One of the leading companies involved in the collagen trade is Vital Proteins Inc. a subsidiary of the giant Nestlé Corporation, one of the world’s biggest food producers - and one of the most unprincipled multinational corporations on the planet. Nestlé has been involved in major scandals for decades involving misleading baby milk advertising and recycling claims, unethical food sources etc. According to analysts CBInsights Nestlé would like you to believe they have left all this disreputable behaviour behind as they now claim to be ‘prioritising health and sustainability across their portfolio.’ Look a bit closer and you see that this admirable objective is an aim in the context of their ‘growth strategy’. In other words sustainability comes second to maximising profit, and as they admit on their own website ‘preserving natural capital becomes increasingly crucial …for the future of our business.’ But meanwhile they continue to ignore this warning.
Vital Proteins also claims the moral high ground with a commitment to ‘doing business in a way that respects people and the planet’. But not just yet, it would seem. Following the exposé of their Brazilian supply chain by the Bureau of Environmental Investigations they admit they won’t be ‘deforestation free’ until 2025. Meanwhile forest clearance and attacks on indigenous people continue. This is about as cynical as greenwashing gets: it means ‘we intend to behave properly but in the meantime, we are making too much money to be bothered’. Since presumably they were aware of their own supply chain before being exposed, their ‘way of doing business’ may be a form of words of fairly recent origin. Vital Proteins certainly seem like a perfect fit for Nestlé.
My question is, why is it that big corporations can’t find reputable ways of doing business instead of being unscrupulous, destructive and dishonest, all kept secret and denied until revealed by activists and journalists? And then, instead of changing policy they go on to try silencing the investigators or even question their motives. Greenwashing seems to be ingrained in the corporate mindset.
A major trend in recent years is the move towards ESG (Environmental, Social and Governance) disclosure, as a way of claiming compliance with growing international standards. Some of these standards, especially those to do with biodiversity are ill-defined, and while the basic morality underpinning a whole enterprise or its methods go unquestioned, the value of this exercise is unclear. The ESG claims of companies like Purdue Pharma, Smith & Wesson, Johnson & Johnson are all first rate, yet all three have had to pay out billions due to what courts found were ‘irresponsible marketing’ strategies leading to tragedies great and small. As some of the ESG rating agencies admit, the disclosure process is aimed at reassuring investors, not at changing corporate behaviour. Whatever its value the whole ESG movement is gaining momentum internationally, notwithstanding the ridicule of right-wing commentators such as the Wall St. Journal, who regard the whole process as a distraction from the main purpose of business – to maximise profit. But should profitability be the sole purpose of business, whatever the cost to others and the environment?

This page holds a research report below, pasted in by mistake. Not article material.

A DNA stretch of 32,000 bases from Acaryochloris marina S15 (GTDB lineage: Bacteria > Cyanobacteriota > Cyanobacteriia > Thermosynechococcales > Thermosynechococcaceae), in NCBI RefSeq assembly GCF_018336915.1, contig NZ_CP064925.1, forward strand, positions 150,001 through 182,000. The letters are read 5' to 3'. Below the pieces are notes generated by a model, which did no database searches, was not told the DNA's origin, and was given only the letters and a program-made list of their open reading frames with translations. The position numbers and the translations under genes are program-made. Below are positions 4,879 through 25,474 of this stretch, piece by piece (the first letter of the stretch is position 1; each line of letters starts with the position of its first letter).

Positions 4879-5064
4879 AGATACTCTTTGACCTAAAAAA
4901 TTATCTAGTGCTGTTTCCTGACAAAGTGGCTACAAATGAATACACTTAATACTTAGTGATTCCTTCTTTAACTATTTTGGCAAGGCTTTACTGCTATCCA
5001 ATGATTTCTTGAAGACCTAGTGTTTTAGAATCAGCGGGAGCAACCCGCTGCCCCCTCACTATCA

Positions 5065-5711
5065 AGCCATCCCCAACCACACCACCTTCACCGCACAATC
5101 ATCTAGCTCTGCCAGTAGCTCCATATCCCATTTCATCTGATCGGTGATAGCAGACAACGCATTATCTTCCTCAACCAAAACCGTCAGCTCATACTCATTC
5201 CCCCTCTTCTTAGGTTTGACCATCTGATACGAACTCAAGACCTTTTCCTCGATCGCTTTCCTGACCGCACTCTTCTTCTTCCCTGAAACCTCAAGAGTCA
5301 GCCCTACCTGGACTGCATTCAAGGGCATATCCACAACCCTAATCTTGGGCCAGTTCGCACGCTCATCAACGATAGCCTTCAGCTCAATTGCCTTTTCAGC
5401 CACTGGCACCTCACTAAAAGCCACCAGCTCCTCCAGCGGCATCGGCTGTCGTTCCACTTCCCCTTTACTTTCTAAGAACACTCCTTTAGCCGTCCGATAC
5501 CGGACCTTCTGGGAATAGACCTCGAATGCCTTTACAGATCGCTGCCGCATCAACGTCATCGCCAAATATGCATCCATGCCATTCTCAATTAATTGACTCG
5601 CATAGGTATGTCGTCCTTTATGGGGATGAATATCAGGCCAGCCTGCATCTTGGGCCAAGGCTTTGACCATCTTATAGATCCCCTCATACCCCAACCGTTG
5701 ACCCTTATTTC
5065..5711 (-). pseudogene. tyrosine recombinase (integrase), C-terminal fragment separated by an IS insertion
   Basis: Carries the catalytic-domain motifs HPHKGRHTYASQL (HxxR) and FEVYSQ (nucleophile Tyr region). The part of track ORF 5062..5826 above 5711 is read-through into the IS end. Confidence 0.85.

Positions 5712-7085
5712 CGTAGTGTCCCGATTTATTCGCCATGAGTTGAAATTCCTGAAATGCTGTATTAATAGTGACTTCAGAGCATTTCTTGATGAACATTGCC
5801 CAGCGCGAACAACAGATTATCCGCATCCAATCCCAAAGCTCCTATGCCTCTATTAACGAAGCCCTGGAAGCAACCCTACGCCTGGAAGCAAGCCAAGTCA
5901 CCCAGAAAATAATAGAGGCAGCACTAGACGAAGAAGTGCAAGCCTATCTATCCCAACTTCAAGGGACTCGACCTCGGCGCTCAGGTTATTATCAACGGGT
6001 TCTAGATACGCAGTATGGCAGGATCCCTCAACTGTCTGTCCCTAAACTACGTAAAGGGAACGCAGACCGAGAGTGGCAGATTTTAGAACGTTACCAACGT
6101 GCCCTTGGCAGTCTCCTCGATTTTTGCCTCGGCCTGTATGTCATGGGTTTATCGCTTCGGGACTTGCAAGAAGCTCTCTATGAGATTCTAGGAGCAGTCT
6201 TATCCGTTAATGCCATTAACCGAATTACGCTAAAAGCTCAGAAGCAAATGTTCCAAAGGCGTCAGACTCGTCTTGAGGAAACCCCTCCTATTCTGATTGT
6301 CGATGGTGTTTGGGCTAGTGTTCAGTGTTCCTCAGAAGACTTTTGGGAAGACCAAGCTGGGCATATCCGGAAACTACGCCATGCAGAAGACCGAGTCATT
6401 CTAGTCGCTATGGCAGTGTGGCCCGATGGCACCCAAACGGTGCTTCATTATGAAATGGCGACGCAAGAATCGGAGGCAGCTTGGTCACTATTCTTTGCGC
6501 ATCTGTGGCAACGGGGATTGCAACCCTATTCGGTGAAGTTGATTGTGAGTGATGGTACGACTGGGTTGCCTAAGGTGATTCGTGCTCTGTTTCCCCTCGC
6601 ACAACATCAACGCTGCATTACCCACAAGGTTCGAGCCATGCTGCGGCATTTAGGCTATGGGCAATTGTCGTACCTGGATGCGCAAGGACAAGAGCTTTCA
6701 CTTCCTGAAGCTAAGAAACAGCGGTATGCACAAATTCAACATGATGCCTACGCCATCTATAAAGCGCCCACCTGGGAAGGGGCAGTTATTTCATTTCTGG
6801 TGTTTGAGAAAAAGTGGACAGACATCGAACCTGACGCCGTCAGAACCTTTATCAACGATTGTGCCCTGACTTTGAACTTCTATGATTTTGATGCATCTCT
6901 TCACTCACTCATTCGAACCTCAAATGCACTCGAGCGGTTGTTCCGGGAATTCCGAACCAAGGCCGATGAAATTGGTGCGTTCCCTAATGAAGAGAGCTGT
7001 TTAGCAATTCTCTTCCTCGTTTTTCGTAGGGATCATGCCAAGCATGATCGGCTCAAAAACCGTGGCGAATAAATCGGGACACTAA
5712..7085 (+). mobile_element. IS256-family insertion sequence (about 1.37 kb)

When management of the giant Swedish timber corporation STORA found out that clear-felling (their preferred harvesting method) was extremely damaging to the overall forest ecosystem, they decided that the entire company needed a changed mindset – even if it meant their profits were reduced. If their business was based on the forest, then the health of the forest was their responsibility – not a concept that big business seems too familiar with – and company policy should reflect that. Basic classes in forest ecology were provided for all staff, and a fresh approach to their entire business was introduced; the enhancement of their extensive forest holdings was to be the primary objective. As a result, harvesting methods were changed, replanting schemes redesigned and detailed forest monitoring established – and all this was done not to satisfy some inspectorate, or to raise their ESG profile, but because it became part of the philosophy of the company. What they soon realised was that they could still produce timber and enhance the biodiversity of the forest at the same time; it wasn’t difficult, but it just needed a new way of thinking, a new set of priorities. The company’s standing improved and staff recruitment became competitive. Short-term profitability had been sacrificed for long term benefit. Quite a turnaround for a company regarded previously as operating primarily at the low value end of the timber business.
The natural state of the planet is deteriorating fast and scientists warn that critical tipping points are being rapidly approached. Deforestation of the Amazon is still accelerating – according to INPE, Brazil’s satellite research agency. If big business is ever to take climate change and the conservation of biodiversity seriously it will only happen with a STORA-style upgrade in the prevailing philosophy, the corporate mission. It is not enough to claim good ESG results, or to increase overall profitability, if dubious practices in core activities and the supply chain persist. Any company, and especially giant multinationals like Nestlé or their subsidiaries, should not feel free to make money at any cost. If respect for Earth and its people are not taken into account, public relations froth like Vital Proteins’ canard ‘our way of doing business’ gains unquestioning acceptance and humanity sleepwalks towards disaster.